Taking Spiritual Awakening & Biblical Thinking to the Nations
with Drs. Eddie & Susan Hyatt & Friends
How to Survive the
Global Financial Meltdown by
Eddie L. Hyatt
The young lions do lack and suffer hunger, but those who
seek the Lord shall not lack any good thing (Psalm 34:10).
As I listened to the news last evening on Fox and CNN it was obvious that we are in a major, global financial meltdown. It was also obvious that the 700 billion dollar bailout is not working and that the politicians and economists do not have answers for the situation. Serious economic times are obviously ahead. As Christians we must not despair but remember that God has given specific promises for times such as these. He has promised that we can, not only survive such difficult economic times, but that we can flourish in the midst of them. One such promise that has been very meaningful to Sue and me for the entire 32+ years of our marriage is Psalm 32:10, The young lions do lack and suffer hunger but those who seek the Lord shall not lack any good thing.
When the Young Lions Lack & Suffer Hunger
If anyone in the rain forest has food, it is the young lions. The young lions are strong, fast, and agile. They are also smart and know how to stalk and overtake their prey. If anyone has food on the African savanna, it is the young lions. When the young lions are hungry and going without, there is severe famine in the land.
In our world the young lions are those who, in the natural, know how to acquire and accumulate wealth. They are the Bill Gates, the Warren Buffets, and the Donald Trumps of modern society. But in times of economic disaster, when even the young lions are going down financially, God promises that those who seek Him will not suffer any lack. What a wonderful promise!
What It Means to Seek the Lord
The promise of surviving (and even flourishing) the financial meltdown is given to those who “seek the Lord.” But what exactly does that mean? To “seek the Lord” means that we have made His interests our interests, His priorities our priorities. It means that we no longer try to use God as a means to achieve our personal ends and goals, but we have made Him and His will our ultimate objective and goal in life. It means that our first concern in prayer is not to tell God what we need, but to know what are the things on His heart and mind and how we can please Him and be obedient to Him. As I have listened to certain prosperity preachers over the years, it has been obvious that many were not seeking the Lord and His interests, but their own personal gain. They tend to see God and His promises as means for them and others to achieve personal goals of success, wealth, and popularity.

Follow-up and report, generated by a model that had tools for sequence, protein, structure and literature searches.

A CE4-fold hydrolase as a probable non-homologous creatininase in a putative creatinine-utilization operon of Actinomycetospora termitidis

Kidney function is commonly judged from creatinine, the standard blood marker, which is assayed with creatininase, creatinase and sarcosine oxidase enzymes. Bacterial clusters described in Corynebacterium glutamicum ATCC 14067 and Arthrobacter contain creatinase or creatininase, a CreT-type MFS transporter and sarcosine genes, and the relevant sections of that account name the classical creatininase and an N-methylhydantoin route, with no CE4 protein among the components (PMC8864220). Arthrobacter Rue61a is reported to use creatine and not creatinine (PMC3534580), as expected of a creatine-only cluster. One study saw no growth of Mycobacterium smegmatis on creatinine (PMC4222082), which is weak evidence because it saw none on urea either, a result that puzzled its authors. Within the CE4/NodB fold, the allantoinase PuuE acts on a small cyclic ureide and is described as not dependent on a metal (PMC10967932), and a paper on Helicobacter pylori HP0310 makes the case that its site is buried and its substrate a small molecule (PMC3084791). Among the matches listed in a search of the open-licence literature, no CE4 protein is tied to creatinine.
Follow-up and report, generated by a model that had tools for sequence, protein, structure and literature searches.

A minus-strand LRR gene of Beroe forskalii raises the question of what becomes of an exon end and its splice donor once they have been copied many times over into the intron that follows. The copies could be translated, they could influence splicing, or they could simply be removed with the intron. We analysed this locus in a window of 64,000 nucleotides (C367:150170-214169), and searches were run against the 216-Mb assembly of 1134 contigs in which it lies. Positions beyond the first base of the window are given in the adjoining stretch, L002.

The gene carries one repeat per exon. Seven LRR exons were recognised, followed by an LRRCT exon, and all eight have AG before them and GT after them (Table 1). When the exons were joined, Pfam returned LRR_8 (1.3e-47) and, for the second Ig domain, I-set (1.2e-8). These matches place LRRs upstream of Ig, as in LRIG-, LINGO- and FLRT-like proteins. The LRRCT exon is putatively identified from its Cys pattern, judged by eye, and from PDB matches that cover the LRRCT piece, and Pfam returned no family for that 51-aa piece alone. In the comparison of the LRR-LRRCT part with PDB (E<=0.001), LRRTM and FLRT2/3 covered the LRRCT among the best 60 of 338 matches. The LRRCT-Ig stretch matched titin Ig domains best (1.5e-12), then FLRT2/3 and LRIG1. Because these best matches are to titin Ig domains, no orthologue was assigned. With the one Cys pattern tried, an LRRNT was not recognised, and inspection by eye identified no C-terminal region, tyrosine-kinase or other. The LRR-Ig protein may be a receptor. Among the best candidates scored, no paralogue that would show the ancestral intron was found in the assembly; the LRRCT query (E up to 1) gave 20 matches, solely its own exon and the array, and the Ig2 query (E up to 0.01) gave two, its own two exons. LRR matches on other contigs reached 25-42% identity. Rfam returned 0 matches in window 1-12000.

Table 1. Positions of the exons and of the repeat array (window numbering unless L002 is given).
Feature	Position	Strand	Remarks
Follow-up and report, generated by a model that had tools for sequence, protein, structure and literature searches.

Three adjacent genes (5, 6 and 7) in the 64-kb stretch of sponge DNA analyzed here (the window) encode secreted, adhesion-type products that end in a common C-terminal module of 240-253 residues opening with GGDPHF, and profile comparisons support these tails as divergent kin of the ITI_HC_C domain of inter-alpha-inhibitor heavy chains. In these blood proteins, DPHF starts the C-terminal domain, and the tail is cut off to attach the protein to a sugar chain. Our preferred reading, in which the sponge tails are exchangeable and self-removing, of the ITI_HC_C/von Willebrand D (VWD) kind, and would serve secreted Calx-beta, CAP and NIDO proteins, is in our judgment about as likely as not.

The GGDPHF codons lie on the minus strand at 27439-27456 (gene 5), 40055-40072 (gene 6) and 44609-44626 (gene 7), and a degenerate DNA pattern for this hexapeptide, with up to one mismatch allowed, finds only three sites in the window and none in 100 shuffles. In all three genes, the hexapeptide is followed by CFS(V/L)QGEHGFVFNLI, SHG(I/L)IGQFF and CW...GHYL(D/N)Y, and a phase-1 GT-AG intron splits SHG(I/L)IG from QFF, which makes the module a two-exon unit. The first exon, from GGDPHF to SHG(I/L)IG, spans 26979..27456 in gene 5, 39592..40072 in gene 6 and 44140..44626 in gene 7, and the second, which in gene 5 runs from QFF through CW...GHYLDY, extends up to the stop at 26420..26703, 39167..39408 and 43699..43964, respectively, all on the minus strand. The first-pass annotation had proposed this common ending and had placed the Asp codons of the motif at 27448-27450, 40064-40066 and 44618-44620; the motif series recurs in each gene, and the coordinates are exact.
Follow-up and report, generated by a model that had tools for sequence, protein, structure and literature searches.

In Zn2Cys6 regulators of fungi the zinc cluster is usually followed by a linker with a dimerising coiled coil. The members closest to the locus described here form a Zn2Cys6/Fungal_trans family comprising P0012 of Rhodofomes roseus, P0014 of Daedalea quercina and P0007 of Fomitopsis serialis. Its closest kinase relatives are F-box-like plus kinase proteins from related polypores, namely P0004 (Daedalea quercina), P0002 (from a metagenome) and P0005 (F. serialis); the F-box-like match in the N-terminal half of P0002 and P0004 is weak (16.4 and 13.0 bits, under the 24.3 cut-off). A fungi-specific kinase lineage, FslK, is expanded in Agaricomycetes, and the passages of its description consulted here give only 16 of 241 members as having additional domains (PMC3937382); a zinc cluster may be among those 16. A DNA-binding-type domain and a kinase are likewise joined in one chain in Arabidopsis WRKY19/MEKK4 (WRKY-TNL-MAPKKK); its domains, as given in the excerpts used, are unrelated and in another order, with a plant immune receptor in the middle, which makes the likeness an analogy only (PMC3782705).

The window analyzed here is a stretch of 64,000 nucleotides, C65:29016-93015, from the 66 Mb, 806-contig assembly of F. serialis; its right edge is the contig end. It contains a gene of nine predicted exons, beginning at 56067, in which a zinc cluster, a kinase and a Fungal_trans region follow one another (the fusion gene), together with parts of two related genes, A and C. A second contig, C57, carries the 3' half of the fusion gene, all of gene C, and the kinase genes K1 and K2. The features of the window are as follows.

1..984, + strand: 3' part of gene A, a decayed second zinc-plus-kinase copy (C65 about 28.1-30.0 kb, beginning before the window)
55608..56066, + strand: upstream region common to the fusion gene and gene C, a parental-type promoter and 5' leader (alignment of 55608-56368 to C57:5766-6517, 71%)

Such a self-centered approach, however, will not survive the economic meltdown. In fact, some of the most popular ministries in America are now suffering foreclosures on their church buildings and properties (see www.fireinmybones.com). Others have announced that they are downsizing in order to survive. Many years ago Sue and I drove past a large ministry in Tulsa, Oklahoma that was in financial straits and on the verge of collapse. The Spirit of the Lord fell upon Sue and she heard Him say, “Don’t build on money because when money fails, what you have built will fail. Build on My eternal values and what you build will last for eternity.”
Making His First Million
During the Great Depression
As I write this I am reminded of Robert LeTourneau, one of the most successful businessmen of the 20th century, who made his first million dollars the same year the Great Depression hit and people were jumping out of buildings and committing suicide because their wealth had suddenly disappeared. When he began his business, which was a small machine shop that eventually developed into a massive empire that developed and manufactured heavy construction equipment, he made God his senior partner. He did not practice the traditional concept of tithing (in which 10% is God’s and 90% is mine), but, rather, saw himself as a junior partner and manager responsible for looking after God’s property and business. He had a saying, “It is not how much of my money I give to God, it is how much of His money I keep for myself.” For many years before his death, LeTourneau gave 90% of both his personal and business income to the work of the Lord (and he still had millions for himself). Later in life, he wrote a book (now out of print) called God Owns My Business. He is an example of someone who sought the Lord and flourished even in the midst of a financial meltdown known as the Great Depression.
I can’t tell you the numerous times I have spoken Psalm 34:10 in prayer and thanksgiving when facing financial challenges and how God has shown Himself faithful again and again to fulfill His promise. I am, therefore, confident that God’s people can make it in the days ahead. We must, however, stop trying to use God for our own selfish ends. We must make His priorities our priorities, His desires our desires. As we do this, He will prune certain areas of our lives, but it is so He can add to our lives His way. He truly will become our Source and we will find ourselves, not only surviving, but flourishing in the midst of the world’s financial meltdown.